“Mommy?” It was my two-year-old daughter’s voice. I heard her when I went up to bed.
She was sitting up in the bed, clutching a book. In the dark. Two or three hours after I had put her to bed. This was the same book she had asked me to read at bedtime, when I had refused on the grounds of it getting late and having already read her another book.
I was stunned by this child’s endurance. My husband was impressed with her tenacity. I told her it was way past time for her to be asleep, and she — incredibly — asked me again to read her the book.
I was not in the habit of negotiating with two-year-olds. We looked at each other, me with my offended parent sensibilities, she with her offended toddler ones, while I tried to decide on an appropriate course of action. I could absolutely not read her this story. Reading the book would indicate weakness, a small opening which she would surely exploit, over and over, until I was only nominally the parent and she would be in charge. I have seen these parents, the ones who impose no restrictions or rules on their kids. I have seen those kids, too, and I don’t like them. My daughter would not be one of them.
Just as I was bracing for the coming battle of wills, my husband said that this sounded like me, my mother,* and the eggs all over again.
I am six years old. I am alone at the table, facing down a cold, congealed fried egg. It had been hot when it was served to me. I don’t like eggs. Just the smell makes me gag. I have eaten the sausage, the grits, and the cinnamon roll. My grandmother said that the first time she fed eggs to me as a baby I spat them back at her, and she never tried it again. My mother insists that I eat the egg. She and my father have left the table. I bury some deep in the trash so that she won’t see what I did. A small amount over a couple of hours, not enough to be suspicious, but enough to get me excused from the table. This is repeated on Sundays over several months, until my mother gives up. I turn out fine.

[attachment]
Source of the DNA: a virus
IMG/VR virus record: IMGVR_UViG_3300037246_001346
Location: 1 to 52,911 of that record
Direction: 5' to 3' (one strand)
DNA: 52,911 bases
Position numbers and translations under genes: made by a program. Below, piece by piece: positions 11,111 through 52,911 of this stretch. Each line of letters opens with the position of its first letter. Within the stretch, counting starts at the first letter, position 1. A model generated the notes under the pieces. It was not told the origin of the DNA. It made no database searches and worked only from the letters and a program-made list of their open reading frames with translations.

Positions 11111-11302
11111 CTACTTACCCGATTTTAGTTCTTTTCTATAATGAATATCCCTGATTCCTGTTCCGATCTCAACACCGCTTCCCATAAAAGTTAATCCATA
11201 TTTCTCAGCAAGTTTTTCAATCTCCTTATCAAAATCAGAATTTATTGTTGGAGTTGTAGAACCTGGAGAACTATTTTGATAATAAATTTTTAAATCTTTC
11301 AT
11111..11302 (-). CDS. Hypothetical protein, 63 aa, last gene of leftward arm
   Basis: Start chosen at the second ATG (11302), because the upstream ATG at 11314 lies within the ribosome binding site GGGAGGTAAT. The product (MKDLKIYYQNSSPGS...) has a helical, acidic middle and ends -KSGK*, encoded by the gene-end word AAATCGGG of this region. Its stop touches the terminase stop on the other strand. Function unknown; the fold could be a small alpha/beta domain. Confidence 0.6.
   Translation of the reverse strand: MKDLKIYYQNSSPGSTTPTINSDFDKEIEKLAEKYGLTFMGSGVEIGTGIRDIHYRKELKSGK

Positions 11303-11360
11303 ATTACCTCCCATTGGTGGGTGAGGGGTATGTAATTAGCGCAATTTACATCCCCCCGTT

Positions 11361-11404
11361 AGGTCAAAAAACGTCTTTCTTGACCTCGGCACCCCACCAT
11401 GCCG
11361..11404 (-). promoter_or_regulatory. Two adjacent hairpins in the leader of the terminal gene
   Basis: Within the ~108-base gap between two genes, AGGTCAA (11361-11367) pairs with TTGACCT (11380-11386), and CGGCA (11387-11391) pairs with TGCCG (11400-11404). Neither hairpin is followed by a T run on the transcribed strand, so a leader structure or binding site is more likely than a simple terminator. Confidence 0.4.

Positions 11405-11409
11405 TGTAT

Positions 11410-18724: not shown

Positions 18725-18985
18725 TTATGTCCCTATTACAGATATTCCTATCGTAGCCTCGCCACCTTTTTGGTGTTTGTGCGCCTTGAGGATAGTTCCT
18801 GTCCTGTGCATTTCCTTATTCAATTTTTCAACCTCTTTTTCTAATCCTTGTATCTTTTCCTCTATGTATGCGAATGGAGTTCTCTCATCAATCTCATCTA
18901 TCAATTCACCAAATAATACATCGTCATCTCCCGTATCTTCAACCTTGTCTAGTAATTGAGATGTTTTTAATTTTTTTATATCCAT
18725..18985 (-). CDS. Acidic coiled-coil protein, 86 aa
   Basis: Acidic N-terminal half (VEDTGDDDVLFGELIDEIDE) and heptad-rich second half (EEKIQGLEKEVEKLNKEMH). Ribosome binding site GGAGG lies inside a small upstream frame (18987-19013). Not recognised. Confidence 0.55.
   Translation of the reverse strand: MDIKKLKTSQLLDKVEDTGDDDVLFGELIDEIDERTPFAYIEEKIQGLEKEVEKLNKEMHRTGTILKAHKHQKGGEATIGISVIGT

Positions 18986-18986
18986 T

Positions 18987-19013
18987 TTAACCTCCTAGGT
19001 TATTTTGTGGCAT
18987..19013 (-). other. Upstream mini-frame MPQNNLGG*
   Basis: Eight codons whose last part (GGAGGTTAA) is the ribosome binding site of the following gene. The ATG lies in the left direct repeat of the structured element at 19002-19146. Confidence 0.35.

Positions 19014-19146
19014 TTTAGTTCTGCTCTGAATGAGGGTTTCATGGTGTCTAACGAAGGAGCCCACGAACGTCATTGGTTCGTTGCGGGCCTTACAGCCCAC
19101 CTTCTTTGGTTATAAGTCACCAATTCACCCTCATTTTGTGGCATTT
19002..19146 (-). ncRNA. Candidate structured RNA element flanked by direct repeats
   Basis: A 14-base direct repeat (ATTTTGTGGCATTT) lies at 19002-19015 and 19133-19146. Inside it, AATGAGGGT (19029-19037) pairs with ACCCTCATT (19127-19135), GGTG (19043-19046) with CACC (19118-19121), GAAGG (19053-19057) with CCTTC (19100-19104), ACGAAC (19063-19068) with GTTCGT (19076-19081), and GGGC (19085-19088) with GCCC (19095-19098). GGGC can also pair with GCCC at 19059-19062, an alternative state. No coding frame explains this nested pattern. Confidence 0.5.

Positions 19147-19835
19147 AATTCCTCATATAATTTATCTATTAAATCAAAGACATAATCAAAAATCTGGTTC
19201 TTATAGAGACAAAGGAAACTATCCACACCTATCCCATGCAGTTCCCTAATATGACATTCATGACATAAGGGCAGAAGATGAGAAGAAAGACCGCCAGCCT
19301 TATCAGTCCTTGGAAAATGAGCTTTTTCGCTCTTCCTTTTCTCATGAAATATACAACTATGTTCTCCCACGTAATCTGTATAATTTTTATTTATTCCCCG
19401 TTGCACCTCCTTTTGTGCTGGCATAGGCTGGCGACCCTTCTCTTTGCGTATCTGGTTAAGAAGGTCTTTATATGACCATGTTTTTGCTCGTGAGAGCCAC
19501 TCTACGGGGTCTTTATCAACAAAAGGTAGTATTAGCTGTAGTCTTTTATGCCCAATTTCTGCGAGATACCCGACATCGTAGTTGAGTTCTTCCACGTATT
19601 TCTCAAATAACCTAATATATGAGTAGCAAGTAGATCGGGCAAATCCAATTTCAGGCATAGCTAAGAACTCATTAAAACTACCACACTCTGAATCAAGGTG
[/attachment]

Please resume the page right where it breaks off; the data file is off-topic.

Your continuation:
I opened my mouth to disagree with my husband. My righteous parental ire wanted to insist that this was a completely different situation, but I knew it was not. Parents aren’t always right, and we have to work with the child we have, not our vision of what the child should do.
I sat down on the bed. “Ok, sweetie. Give Mommy the book.”
My daughter is turning out fine.
*My mother is a lovely person. She now claims no memory of these events.